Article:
Gujarat MLA and social activist Jignesh Mevani, in a joint press conference held in Ahmedabad on Saturday, made appalling revelations regarding the Mahatma Gandhi National Rural Employment Guarantee Scheme (MGNREGS). This included allegations of a multi-crore scam in a village in Banaskantha district of the state. In order to siphon off fund; bank accounts opened in the name of around 500 villagers without their knowledge for the transfer of money under the MGNREGA scheme.
The modus operandi of the fraudsters was that they asked villagers to give their signature or thumb impressions claiming that they would get them the benefit of different government schemes. Then they opened the bank accounts in the villagers’ names, Mr. Mevani claimed. The fraudsters even carried out the allotted work under the scheme, using machinery. Since this cost a fraction of what needed to be paid to the villagers for their labor; the ‘scamsters’ successfully siphoned huge amounts under the guise of helping the villagers.
Also present at the conference were 16 residents of Balundra village, Amirgadh taluka in Banaskantha district. They testified that they never worked a day, while unidentified people siphoned off huge sums in their names.
MGNREGA: An Overview
Earlier called NREGA, Mahatma Gandhi National Rural Employment Guarantee Act (MGNREGA) was introduced in 2006. An Indian labour law and social security measure that aims to guarantee the ‘right to work’. The scheme provides 100 days of guaranteed work in a year to daily wagers for which they have to apply, obtain a job card, open bank accounts, and sign on muster rolls on the work-site itself.
In order to boost economic growth through inclusive development policies that reduce rural unemployment and under-employment; this legislation aims at: (i) providing guarantee of gainful employment within the vicinity of the rural people with a statutory minimum wage; and (ii) creation of durable assets and strengthening the resource base of the rural poor.
When introduced, MGNREGA was neither new nor revolutionary. It has antecedents within India and shares several features with other programmes elsewhere in the world. Nevertheless, it proved different from most of its predecessors in several key respects. Firstly, it explicitly aimed to create durable assets including drought-proofing and flood management; and aid in the empowerment of the marginalized. The programme also aimed to strengthen decentralized, participatory planning and Panchayati Raj Institutions (PRIs) for deepening democracy at the grassroots, while fostering greater transparency and accountability in governance. Secondly, in terms of transparency too, MGNREGA surpassed the programmes it replaced. Lastly, recognizing the larger contribution of MGNREGA as a focal point for organising around the rights of rural workers and its capacity for transformative politics, an issue that is particularly relevant today. It’s hard to think of any other social programme that has this potential.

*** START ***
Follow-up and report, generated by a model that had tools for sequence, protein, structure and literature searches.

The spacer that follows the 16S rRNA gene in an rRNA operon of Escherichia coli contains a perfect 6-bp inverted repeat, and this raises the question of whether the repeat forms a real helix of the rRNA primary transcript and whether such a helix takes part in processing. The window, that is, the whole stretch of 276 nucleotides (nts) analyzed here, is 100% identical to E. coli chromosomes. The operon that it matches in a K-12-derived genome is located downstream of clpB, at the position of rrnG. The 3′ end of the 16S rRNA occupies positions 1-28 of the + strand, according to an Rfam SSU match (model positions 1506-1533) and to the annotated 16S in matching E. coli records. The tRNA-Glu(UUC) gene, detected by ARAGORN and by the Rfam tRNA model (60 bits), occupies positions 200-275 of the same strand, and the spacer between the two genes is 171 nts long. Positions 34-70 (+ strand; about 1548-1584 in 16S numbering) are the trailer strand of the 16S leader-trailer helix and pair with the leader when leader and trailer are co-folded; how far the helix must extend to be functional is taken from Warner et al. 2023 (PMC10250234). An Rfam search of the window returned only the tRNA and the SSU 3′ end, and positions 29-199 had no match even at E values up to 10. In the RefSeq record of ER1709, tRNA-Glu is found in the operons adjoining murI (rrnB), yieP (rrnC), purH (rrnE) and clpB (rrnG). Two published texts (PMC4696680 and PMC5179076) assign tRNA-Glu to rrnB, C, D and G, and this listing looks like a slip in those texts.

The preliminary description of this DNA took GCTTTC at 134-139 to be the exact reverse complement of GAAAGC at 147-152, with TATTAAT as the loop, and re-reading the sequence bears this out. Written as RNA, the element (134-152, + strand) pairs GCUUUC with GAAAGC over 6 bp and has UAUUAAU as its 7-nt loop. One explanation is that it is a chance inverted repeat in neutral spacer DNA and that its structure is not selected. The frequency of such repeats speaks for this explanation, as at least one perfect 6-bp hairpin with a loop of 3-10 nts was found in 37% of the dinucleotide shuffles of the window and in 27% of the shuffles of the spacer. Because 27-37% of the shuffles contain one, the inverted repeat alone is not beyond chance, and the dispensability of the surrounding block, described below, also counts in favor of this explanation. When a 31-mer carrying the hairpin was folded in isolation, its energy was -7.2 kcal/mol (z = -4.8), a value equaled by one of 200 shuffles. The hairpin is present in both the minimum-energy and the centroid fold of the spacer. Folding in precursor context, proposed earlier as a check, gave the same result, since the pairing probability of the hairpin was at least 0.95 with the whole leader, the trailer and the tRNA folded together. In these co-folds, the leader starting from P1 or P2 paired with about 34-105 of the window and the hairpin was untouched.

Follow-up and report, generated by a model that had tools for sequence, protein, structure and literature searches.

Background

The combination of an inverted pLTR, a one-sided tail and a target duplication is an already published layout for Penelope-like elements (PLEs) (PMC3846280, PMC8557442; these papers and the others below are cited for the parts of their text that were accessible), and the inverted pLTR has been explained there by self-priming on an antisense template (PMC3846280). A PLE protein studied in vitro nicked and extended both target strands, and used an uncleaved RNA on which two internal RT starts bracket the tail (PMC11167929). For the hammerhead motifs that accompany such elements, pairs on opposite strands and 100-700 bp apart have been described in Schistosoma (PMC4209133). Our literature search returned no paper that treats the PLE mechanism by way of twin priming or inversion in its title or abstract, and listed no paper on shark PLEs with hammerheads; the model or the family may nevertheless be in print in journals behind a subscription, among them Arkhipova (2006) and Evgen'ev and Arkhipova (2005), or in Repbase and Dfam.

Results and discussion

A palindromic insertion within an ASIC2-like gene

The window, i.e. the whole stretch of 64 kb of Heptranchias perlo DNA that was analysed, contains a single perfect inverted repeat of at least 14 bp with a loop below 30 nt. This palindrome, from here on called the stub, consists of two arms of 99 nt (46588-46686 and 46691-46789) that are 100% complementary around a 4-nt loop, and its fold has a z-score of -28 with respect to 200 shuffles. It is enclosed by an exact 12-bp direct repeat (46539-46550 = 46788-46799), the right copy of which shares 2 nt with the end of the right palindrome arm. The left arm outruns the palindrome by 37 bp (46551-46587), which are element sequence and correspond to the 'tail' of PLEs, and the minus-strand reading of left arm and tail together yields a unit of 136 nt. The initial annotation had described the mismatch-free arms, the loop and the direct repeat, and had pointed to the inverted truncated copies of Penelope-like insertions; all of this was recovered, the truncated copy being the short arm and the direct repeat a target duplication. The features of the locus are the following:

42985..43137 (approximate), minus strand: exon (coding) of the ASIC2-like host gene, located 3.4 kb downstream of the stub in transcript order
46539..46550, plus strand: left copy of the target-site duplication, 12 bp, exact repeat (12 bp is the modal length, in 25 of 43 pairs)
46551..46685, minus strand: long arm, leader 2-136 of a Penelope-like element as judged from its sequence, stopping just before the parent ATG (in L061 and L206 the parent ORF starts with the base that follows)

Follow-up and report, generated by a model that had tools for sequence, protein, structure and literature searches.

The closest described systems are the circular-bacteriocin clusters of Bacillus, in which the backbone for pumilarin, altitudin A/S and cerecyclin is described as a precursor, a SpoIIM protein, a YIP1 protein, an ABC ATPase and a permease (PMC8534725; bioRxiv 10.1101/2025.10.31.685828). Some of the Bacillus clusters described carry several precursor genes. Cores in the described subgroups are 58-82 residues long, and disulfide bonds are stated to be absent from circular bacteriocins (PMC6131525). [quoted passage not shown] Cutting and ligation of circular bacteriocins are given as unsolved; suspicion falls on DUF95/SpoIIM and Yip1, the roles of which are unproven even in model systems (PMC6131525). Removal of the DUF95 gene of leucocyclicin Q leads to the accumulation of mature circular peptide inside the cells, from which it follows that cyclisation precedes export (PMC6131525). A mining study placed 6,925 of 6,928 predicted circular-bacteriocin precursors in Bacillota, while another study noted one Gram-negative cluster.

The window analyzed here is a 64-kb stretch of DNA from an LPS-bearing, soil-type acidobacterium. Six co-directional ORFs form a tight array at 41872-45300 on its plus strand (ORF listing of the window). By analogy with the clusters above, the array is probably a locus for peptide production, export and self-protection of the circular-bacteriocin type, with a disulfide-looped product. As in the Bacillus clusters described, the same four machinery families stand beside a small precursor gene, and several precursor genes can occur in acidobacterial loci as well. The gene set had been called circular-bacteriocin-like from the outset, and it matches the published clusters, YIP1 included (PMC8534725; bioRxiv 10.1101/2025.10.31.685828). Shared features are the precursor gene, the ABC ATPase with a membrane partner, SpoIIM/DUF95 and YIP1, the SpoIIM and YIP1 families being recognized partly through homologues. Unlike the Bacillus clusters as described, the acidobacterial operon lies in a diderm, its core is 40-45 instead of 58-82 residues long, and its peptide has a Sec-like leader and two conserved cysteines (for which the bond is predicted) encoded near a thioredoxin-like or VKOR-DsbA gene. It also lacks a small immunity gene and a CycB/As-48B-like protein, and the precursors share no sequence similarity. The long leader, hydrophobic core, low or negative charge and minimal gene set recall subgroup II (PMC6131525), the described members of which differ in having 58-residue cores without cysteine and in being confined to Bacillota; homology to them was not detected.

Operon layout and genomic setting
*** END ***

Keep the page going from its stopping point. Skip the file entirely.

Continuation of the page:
Balundra’s MGNREGA Scam: Tip of the Iceberg?
According to Mevani, the scam came into light when some villagers went to seek work under the MNREGS; only to find that their names already registered under the scheme. Due to lockdown following the COVID-19 outbreak, the demand for jobs under this scheme reached its peak in the state. The reverse migration from cities to villages has more than doubled the demand for the first time.
Mevani, who represents Vadgam Assembly constituency in the district, said, “What we have found in Balundra village is just a tip of the iceberg”. While there were over 260 cases in this village alone from where the authority deleted the job cards in April and June this year on several grounds that violate the provisions of the scheme; similar scams were taking place in many other villages of Gujarat, including in his constituency Vadgam in Banaskantha district.
“There is widespread corruption across the districts in the state. We want the government to probe and file FIRs.” Stating that he could substantiate his allegations with documentary evidence, Mevani told the press that he would soon register FIR in regard with the same.
While the poor implementation of the scheme is no new reality, MGNREGA, as it was administered then and now, has several flaws that are well documented. The allegations made by Mevani reveal another scathing side of the vast scheme, that calls for profound and extensive scrutiny.